Sunday, 13 May 2018

Glorious Glanvilles.

With a so called' Big Birthday' this year Pen wanted to take me away somewhere that I really wanted to go to for a special treat.

I thought about it for 5 minutes or so and then thought that the Isle of Wight may be a good opportunity to see the Glanville Fritillary in its natural home. I have only seen this species a couple of times before, and both were in an introduced colony. This made me feel that I hadn't really seen them where they really live naturally. Looking quickly at the flight season I saw that the area around Ventnor was where the earliest sightings each year was and they are often on the wing before the end of April. Well, that was that decided and the bookings were made. Then the problems arrived with 2 really cold spells of weather and most butterflies being very late appearing this year. I kept checking whether any had been seen and it was all negative news. It was not looking good!!

The day after the birthday we headed off, catching the ferry and arriving at our hotel in Ventnor mid afternoon. The weather was a little breezy and cloudy, conditions that were expected during our stay, also not very helpful!! 
I soon left Pen resting in the room and headed out along the promenade and within 5 minutes I had found some Glanville larva. This was a bit of a bonus, although I was hoping to get these further along the coast. At this point I realised that the chances of an adult flying were even less than I had thought. I had heard though that this site often gets both the 1st and last sightings of the year which gave me the tiniest hope.

A group of Glanville Fritillary larva.

Glanville larva feeding on Plantain.

Other than this no other butterflies were seen in the cool conditions so I headed back to the hotel, pleased that at least I had seen part of the life cycle of this special insect. It was at this point that I thought the nearest I would get to photographing an adult Glanville would be the mosaic that was along the seafront!!

The mosaic along the promenade.

The next morning I was out quite early, and despite the cool breeze, at least the sun was shining. In the sheltered spots it was actually warm. Just beyond Bonchurch I headed away from the seafront onto some scrubby land and it was here that I saw my first butterfly of the trip, a Wall Brown!! Due to my local studies of this species I probably see more Wall Brown than anyone else in the Country so I did find this a bit ironic. 
When I returned to the hotel Pen wasn't feeling too brilliant and she wanted to rest on her own, so it was back out again. This time I headed up on Bonchurch Down where I saw another 6 Wall Brown as well as several Brown Argus, Dingy Skipper, Common Blue, Small Heath and my first Small Copper of the year.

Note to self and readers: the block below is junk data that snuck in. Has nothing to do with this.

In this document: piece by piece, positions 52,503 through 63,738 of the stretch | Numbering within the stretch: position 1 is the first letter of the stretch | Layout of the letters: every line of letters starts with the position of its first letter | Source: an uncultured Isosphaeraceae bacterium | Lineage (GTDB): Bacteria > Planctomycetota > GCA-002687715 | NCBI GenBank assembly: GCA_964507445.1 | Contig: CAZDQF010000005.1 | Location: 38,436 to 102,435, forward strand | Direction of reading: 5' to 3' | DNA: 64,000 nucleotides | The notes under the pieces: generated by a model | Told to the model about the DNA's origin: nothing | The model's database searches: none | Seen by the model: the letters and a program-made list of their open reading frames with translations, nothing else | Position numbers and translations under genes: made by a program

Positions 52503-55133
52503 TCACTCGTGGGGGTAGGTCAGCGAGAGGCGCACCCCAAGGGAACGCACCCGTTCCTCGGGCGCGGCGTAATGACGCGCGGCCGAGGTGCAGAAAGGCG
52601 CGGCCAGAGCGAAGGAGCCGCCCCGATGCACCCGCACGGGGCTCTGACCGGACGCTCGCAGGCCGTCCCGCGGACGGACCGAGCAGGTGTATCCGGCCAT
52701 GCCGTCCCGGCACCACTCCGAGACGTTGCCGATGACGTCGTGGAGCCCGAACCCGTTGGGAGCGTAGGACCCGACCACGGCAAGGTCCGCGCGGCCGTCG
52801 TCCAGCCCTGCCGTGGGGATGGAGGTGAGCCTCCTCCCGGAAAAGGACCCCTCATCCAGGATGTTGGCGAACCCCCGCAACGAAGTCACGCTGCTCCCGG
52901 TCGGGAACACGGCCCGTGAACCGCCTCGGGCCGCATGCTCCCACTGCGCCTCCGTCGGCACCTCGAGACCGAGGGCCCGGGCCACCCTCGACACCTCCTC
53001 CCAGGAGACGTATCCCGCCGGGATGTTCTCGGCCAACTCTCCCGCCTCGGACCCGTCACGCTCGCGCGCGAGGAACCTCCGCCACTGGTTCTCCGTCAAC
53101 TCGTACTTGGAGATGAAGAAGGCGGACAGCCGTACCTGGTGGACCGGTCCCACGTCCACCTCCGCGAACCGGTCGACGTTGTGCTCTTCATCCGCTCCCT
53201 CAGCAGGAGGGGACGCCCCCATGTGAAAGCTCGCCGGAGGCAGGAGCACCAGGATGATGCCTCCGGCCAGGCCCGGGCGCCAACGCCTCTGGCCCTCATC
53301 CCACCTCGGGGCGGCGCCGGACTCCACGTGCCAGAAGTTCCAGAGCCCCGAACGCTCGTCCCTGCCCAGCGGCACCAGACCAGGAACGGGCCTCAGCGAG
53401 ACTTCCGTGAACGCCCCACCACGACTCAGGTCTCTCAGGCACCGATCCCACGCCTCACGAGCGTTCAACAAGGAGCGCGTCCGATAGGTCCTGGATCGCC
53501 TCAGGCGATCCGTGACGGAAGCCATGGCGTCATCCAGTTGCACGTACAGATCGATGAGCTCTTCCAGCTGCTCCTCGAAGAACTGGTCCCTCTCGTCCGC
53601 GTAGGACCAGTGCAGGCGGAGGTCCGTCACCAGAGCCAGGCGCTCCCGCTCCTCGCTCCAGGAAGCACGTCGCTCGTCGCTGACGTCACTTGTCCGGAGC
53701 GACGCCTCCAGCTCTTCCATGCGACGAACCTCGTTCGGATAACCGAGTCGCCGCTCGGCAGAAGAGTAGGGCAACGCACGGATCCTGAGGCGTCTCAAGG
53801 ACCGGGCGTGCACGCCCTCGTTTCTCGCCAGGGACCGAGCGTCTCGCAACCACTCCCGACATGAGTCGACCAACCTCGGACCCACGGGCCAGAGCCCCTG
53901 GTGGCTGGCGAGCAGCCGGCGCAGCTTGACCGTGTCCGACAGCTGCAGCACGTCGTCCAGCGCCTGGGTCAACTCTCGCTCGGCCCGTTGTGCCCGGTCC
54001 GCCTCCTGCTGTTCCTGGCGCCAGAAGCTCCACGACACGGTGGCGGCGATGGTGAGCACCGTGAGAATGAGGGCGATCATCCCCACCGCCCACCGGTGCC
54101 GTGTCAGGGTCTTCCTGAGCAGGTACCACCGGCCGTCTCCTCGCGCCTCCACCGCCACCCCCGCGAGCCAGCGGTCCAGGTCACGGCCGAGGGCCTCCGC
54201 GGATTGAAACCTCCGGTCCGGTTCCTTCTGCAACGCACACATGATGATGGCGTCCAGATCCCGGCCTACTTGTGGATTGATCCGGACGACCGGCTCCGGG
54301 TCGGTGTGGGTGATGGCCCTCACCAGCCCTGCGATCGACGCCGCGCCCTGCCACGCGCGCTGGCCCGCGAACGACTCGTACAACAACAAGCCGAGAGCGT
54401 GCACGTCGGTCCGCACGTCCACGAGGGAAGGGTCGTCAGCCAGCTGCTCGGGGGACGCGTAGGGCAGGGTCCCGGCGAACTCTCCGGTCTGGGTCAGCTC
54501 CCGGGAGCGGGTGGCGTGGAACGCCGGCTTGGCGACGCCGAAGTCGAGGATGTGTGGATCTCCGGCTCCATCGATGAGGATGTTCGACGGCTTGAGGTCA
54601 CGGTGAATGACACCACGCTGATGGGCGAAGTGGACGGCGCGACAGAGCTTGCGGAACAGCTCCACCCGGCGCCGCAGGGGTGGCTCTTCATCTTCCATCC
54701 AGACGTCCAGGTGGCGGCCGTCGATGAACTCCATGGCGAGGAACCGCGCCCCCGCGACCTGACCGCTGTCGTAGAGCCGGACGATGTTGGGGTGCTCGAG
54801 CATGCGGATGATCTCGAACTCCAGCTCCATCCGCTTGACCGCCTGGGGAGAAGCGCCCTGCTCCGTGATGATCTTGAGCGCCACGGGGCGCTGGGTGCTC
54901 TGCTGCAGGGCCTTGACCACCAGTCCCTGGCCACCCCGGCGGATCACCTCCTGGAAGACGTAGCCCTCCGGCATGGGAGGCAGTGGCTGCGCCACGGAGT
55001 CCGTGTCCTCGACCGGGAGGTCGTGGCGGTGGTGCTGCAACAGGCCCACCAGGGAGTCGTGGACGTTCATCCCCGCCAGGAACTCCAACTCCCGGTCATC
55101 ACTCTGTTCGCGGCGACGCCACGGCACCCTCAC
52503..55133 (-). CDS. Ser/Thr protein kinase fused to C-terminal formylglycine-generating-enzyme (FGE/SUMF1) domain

The following day the wind had changed direction and was now blowing straight onto the land, however, at least it was a lot warmer. I wasn't out quite so early this day and it was around 8.30am when I was walking along the promenade when I saw 3 Common Blue fighting amongst themselves. I thought this was a bit more promising as these were the first butterflies I had seen along the front other than a couple of Small White. Suddenly a 4th butterfly joined in the battle and I was amazed and mightily relieved to see it was a really fresh Glanville Fritillary. I can't remember a time when I have been so excited about seeing a species before. I then enjoyed nearly an hour of watching this beauty and taking the odd photo when it landed in an open area. It was generally landing on the ground so opportunities were few and far between. I'm not sure if this was the first UK sighting of this species in 2018, but I'm not aware of any others. Eventually I thought I had better get back to Pen, although on the way back I did spot another darker Glanville which had a small tear in the wing.

The spectacular Glanville Fritillary.

Later we drove out to a couple of other sites where plenty of larva were seen by a good friend earlier in the year. At Shepherd Chine I did find 8 larva and I did disturb a butterfly that flew up from under my feet. Unfortunately, despite a good search I could not re-locate it. It could well have been another Glanville?? Compton Chine didn't produce any sightings of larva or butterfly.

Glanville Fritillary larva at Shepherd Chine.

Late in the afternoon it was back along to where I had seen the Glanville earlier, as by now the clouds had rolled in and it was much cooler. Despite a lengthy search I couldn't find it roosting at all. The only butterfly I could find was a roosting Common Blue that was sitting on top of an Oxeye Daisy bud.

Male Common Blue roosting.

On the final morning I once again searched in vain for the roosting Glanville. I did spot 3 Common Blues this time, and at one point the sun very nearly came out, just enough to tempt one of the Common Blues to open up very briefly.

Common Blue warming up.

A very memorable trip that was so much more successful than we ever expected it to be.


  1. Wonderful photos!
    Have a nice sunday
    Maria from
    Divagar Sobre Tudo um Pouco

  2. Sounds like a great trip. It is interesting that there are both adult and larva of the Glanville Fritillary. Is that two different generations? I was hoping to see them in Corfu last summer, but I was too late in the season.

    1. Hi Nick.

      Only one generation, that was the first sighting for 2018, they are on the wing for around another 6 weeks so these larva will soon be pupating and be on the wing before the season end. Seeing both stages was a big bonus.